5. Kaya, Bob Marley and the Wailers

Like the Doobie Brothers’ name, I was slow to clue in on what Bob Marley meant when he sang, “Got to have kaya now.” He once explained that “kaya’ is Jamaican slang for herb. Marley wakes up in the morning and has to have “kaya now.” He gets “so high, I even touch the sky/Above the falling rain/I feel so good in my neighbourhood, so/Here I come again/Got to have kaya now.”

6. Gin And Juice, Snoop Dogg

This 1993 ditty depicts the laid back side of thug life. While he’s “Rollin down the street” he is “smoking indo” while also drinking “gin and juice.” The song was nominated for Best Rap Solo Performance at the 1995 Grammy awards. The Gourds do a nifty country music version that’s worth checking out.

7. Rocky Mountain High, John Denver

I thought John Denver was high on the beauty of the Colorado mountains in his wholesome 1972 hit song. He admits in his autobiography Take Me Home, that he was stoned in Aspen with a friend named Crow when he wrote the song. The line, “And they say he got crazy once, and he tried to touch the sun,” came from that episode. But the song wasn’t just about being high. It was also about exhilaration, freedom and mortality.

8. Puff The Magic Dragon, Peter, Paul and Mary

Legend claims this is a coded song about smoking weed. “Dragon” was taken to be a version of “dragin,” as in taking a drag from a joint. Then, there was Puff’s friend, Jackie Paper, as in rolling paper. And then you have Puff. But Peter, Paul and Mary, who wrote and recorded the song in 1963, deny it is about weed. The band said the song was about losing the innocence of childhood.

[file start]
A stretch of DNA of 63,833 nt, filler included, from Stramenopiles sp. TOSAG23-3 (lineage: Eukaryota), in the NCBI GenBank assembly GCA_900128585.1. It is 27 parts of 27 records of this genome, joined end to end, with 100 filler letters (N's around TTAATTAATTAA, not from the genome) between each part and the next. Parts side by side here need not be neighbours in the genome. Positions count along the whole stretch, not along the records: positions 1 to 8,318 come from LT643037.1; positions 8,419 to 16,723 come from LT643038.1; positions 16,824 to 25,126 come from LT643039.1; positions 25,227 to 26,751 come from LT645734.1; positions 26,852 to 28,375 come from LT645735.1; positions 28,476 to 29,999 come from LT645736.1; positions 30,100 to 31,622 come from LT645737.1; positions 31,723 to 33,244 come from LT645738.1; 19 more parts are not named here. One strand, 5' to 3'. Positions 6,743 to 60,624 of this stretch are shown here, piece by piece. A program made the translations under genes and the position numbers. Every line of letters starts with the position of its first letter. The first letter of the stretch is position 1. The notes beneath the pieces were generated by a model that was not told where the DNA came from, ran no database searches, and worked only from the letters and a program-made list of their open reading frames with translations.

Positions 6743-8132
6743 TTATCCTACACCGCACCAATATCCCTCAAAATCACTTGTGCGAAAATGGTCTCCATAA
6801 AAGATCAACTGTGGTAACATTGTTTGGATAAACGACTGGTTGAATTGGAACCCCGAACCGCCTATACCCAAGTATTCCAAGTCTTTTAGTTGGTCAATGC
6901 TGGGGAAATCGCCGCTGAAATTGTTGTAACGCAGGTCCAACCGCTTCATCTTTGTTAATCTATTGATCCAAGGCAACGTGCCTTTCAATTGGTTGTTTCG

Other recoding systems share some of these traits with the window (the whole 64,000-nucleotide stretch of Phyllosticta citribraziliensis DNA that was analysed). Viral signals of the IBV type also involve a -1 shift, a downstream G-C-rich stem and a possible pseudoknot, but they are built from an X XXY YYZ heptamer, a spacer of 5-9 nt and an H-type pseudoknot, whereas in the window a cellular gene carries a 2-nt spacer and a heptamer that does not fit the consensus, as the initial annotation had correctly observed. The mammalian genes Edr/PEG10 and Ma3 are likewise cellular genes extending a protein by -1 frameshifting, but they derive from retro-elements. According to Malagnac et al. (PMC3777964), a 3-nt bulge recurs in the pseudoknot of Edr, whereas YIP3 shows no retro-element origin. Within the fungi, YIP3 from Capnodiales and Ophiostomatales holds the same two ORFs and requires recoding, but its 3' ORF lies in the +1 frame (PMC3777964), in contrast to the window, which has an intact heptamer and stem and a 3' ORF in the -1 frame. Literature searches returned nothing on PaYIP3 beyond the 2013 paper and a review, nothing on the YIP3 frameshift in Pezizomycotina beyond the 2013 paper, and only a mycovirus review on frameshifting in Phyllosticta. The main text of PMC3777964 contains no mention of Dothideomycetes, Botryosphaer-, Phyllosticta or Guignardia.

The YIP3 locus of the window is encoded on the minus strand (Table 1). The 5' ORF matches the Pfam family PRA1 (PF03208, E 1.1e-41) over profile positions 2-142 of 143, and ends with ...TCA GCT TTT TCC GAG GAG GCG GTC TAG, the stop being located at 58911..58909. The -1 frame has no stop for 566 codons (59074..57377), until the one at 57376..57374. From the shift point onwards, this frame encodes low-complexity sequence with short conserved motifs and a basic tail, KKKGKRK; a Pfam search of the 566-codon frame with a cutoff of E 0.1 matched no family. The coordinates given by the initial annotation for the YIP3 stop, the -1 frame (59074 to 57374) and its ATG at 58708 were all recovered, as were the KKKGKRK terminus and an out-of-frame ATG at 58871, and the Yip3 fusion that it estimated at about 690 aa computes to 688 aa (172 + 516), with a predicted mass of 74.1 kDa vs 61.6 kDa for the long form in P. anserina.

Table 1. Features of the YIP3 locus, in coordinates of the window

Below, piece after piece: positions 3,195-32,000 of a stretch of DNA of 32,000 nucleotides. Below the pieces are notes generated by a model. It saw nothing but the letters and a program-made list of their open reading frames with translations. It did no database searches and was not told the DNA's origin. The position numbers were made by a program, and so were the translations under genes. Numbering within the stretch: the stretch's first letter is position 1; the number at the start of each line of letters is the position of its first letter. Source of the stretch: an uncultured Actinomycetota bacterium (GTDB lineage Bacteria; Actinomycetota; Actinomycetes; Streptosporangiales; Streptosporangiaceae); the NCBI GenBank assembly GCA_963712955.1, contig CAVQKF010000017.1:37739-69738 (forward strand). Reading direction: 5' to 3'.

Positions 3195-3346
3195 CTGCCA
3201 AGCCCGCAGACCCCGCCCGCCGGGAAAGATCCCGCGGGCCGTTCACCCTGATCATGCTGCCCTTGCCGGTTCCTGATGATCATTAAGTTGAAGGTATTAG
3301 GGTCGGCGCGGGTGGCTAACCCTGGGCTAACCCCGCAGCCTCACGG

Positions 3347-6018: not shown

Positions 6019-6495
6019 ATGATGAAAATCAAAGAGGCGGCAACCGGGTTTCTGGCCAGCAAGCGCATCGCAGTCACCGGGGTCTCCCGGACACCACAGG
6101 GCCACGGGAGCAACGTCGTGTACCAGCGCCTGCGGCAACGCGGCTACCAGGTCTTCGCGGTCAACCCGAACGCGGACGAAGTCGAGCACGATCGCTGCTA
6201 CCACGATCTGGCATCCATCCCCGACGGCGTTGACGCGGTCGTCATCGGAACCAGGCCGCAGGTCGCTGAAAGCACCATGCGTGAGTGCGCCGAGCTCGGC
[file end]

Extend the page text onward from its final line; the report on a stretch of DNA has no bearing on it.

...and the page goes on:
9. Okie From Muskogee, Merle Haggard

Not all songs about weed push positivity. This 1969 tune by Merle Haggard was written in response to the Vietnam War protests. The song starts: “We don’t smoke marijuana in Muskogee/We don’t take trips on LSD/We don’t burn our draft cards down on mainstreet/We like livin’ right and bein’ free.”

11. Got To Get You Into My Life, The Beatles

This upbeat song from the Beatles’ Revolver album appears to be a love song. And it is, except it’s expressing a love for marijuana, McCartney admits in Barry Miles’s 1997 book Paul McCartney: Many Years From Now, McCartney. He says he wrote the song when he first got introduced to the herb. “I’d been a rather straight working-class lad but when we started to get into pot it seemed to me to be quite uplifting. I kind of liked marijuana. To me it was mind-expanding.”

12. Moist Vagina, Nirvana

In this 1993 song, Kurt Cobain sings the praises of a particular woman. But in between lines Cobain can be heard on the recording screaming “marijuana.” He does this at least 14 times. Marijuana and sex often pair nicely, but Cobain’s screams are not what I’d describe as erotic.

13. Rainy Day Women #12 & #35, Bob Dylan

Bob Dylan’s 1966 classic has long been associated with marijuana for the line, “Everybody must get stoned.” But the song is not about weed. His inspiration was biblical, specifically the Book of Acts in the Bible. “And when they had driven him out of the city, they began stoning him.”

Some musicologists have suggested that the song relates to how Dylan felt about his critics, who were figuratively “stoning” him. But there’s also a 420 connection. If you multiply 12 and 35 you get 420.

Some stations refused to play the song, but Dylan got plenty of air time.